“We had parents indicate they wanted students to return,” said Valerie Whitehead, executive director of strategy and innovation for Glynn County Schools, during an update provided to the Glynn County Board of Education during its work session Thursday.
“And then schools also notified parents of students that were academically ineligible because that was not a successful environment for their students to be in.”
Whitehead, the school system’s main contact with the local health department, said the county’s 14-day community transmission index for COVID-19 increased recently and that some students have not been able to return to school because of positive coronavirus tests in recent days. Some also have had to go into quarantine since returning to school Wednesday, when the spring semester began.
“We have had two situations where students attended (Wednesday) and then were found to be positive after testing...at some point,” she said.
She told the board some students were sent home on quarantine Thursday.
The district is following new quarantine guidance from the Centers for Disease Control and Prevention and the health department. Rather than requiring students to quarantine a full 14-days, additional options are now available if a student does not have symptoms during a specific amount of time.
“If the parents choose to have them tested and they’ve not had symptoms, they can test after day five and they could return as early as day eight as long as they have a negative test,” Whitehead said. “If they don’t want to test and the student remains asymptomatic, they can return on day 11. Or the parent could choose to have the student out for the full recommended 14-day quarantine and it would still be a COVID absence where we would be providing distance learning for that student through Google Classroom. We are using that new protocol for students to be able to return to school.”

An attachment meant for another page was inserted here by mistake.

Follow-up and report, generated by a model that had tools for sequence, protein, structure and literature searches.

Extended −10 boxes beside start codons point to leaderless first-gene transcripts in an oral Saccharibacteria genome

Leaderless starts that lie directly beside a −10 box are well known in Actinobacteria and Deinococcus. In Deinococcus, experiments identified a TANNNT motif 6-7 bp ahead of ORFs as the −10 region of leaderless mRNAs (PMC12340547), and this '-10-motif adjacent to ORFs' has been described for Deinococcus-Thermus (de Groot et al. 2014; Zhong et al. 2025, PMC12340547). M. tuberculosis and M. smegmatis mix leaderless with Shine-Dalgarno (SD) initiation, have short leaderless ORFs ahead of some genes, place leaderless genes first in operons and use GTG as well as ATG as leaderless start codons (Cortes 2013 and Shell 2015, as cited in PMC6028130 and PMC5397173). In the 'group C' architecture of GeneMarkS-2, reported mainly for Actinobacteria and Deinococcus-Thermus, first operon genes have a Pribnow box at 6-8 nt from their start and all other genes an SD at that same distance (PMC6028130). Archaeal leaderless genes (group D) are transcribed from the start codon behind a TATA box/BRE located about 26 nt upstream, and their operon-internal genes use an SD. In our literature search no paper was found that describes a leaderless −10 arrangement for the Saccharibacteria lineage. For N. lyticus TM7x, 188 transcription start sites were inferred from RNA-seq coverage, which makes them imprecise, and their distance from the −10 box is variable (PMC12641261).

Whitehead also announced that school system staff may soon be able to receive vaccines, saying they’ll be included in the next priority group for distribution.
“(Coastal Health District Director Dr. Lawton Davis) is hopeful that by the end of this month we’ll start to be able to schedule getting any of our educators in,” Whitehead said.
School nurses were included in the first vaccine recipient group, and several have already received both shot doses, Whitehead said.
Superintendent Scott Spence said he will continue to require masks in schools for at least the next month. He plans to decide on a month-by-month basis this semester whether to extend the mask mandate.
In other business, assistant superintendent of finances Andrea Preston announced that all school district staff will receive today the stipend approved last month by the school board. Full-time employees will receive $600, and part-time staff will get $300.
Spence also announced that College of Coastal Georgia plans to present the school district with an intergovernmental agreement regarding the performing arts center, a project that’s been delayed due in part to the financial toll of the pandemic.